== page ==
In Hollywood, Paul Newman was royalty. But in Westport, Conn., where he lived with his wife of 50 years, Joanne Woodward, he was just “a regular guy,” says AJ Izzo, part owner of Crossroads Hardware on Main Street, where Newman had been a customer for more than 20 years.
“He’d walk in and say, ‘How are you, AJ?’ And I’d say, ‘Hey, Paul.’ He probably gave more than he took in life, and you don’t find many people like that.”
Newman, who will be remembered in town as upbeat, generous, and down-to-earth, often popped into the store to buy supplies to fix common household problems.
“He was a gadget guy in many ways,”” says Izzo. “He’d buy light bulbs or a new screw for a hinge just like an average guy would do.”
Izzo says he last saw Newman about two months ago when he came in alone to buy some masking tape. “He looked really thin,” recalls Izzo, adding that Newman did not discuss his illness. “He was the kind of person who liked his privacy.”
A Beer Man
However, Izzo says he saw one of Newman’s friends less than a week ago, and when he asked how Newman was doing the friend replied, “Good. He’s having a beer and glass of milk because he needs to gain weight.”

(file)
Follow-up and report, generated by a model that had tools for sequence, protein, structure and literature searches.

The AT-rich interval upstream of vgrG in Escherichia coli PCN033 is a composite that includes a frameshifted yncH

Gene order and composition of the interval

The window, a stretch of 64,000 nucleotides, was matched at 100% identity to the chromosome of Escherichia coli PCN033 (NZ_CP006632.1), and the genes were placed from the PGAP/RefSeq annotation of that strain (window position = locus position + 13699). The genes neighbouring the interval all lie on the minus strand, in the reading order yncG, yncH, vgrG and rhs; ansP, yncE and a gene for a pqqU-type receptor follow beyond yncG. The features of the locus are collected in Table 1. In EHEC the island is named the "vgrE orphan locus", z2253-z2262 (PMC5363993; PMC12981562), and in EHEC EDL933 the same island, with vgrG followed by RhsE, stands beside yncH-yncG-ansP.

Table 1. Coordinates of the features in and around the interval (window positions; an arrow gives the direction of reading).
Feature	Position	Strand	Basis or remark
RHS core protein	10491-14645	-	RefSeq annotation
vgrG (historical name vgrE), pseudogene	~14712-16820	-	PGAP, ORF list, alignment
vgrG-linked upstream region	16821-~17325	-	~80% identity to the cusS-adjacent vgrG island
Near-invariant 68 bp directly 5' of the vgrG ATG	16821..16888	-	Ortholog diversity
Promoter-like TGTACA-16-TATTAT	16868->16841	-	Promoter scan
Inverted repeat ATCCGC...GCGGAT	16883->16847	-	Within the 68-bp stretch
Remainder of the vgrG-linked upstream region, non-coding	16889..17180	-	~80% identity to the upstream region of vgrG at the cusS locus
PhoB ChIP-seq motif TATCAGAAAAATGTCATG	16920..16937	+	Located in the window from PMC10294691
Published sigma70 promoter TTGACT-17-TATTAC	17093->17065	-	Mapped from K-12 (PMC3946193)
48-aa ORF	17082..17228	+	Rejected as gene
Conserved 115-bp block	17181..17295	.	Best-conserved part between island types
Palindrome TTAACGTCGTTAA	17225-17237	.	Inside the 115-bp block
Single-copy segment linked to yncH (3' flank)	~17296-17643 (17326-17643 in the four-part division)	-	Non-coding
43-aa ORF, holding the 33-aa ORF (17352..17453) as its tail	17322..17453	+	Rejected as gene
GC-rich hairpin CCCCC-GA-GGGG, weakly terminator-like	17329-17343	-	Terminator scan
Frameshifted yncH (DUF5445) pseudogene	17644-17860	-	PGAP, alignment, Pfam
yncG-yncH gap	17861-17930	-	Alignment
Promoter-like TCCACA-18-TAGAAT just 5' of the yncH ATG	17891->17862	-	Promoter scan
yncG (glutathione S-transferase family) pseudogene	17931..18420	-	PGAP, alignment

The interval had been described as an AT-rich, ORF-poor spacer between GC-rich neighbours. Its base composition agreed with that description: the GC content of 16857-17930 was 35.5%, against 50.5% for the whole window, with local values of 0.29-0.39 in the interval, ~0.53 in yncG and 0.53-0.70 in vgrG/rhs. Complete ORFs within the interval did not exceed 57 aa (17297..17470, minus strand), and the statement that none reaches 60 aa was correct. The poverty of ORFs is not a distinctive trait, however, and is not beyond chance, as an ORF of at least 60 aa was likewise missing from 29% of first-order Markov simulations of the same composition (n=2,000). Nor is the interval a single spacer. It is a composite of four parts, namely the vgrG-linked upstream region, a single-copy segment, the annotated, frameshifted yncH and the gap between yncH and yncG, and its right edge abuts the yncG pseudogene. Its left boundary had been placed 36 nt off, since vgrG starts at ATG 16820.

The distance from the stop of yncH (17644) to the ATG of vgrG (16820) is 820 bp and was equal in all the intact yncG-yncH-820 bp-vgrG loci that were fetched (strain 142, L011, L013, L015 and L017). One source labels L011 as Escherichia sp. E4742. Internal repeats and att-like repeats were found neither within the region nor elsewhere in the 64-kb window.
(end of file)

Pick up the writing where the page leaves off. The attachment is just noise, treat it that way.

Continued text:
About a month ago, Newman treated himself to a cold beer during dinner with Woodward at Pane Vino Restaurant, says owner Marty Levine. The couple sat at their usual corner table, and though Newman appeared frail and had a smaller appetite, he remained his usual cheerful self. “His personality was about the same,” Levine recalls. “He was always upbeat. He didn’t seem dour or depressed.”
As a customer, Levine says Newman was “honorable and courteous. I never felt like he gave off the aura of a big celebrity.”
Bryan Malcarney, chef/owner of Blue Lemon Restaurant, another favorite spot, agrees: “He’d joke a little with the staff. He was never a pompous Hollywood kind of person-neither is Joanne-and that was nice.”
Newman-who often ordered Dover sole-came in to eat about three weeks ago. “We’re really sad to see him go,” says Malcarney.
‘A Loss for the Whole Town’
Newman supported the town’s small business, including Oscar’s Deli, where he had been a loyal customer for the past 40 years, says owner Lee Papageorge.
“It’s a loss for the whole town,” Papageorge explains. “He was very generous, nice to have around, always approachable and very friendly.”
In addition to his humility and his kindness, Ramze Zakka, owner of Acqua restaurant, remembers the actor for another of his best features: “His baby blue eyes were brilliant across the dining room.”
Albert DeAngelis, Acqua’s executive chef, added: “He’s just one of the finest human beings I’ve ever been around.”
Elias Vlandis, owner of Coffee and Donut shop, says the whole community is affected by the loss. “There are a lot of regular people coming in today who are really sad about it,” he says.
But Newman will never be forgotten in Westport.
“We have a picture on the wall here,” says Vlandis. “We’re not taking it down. We’re proud to have it.”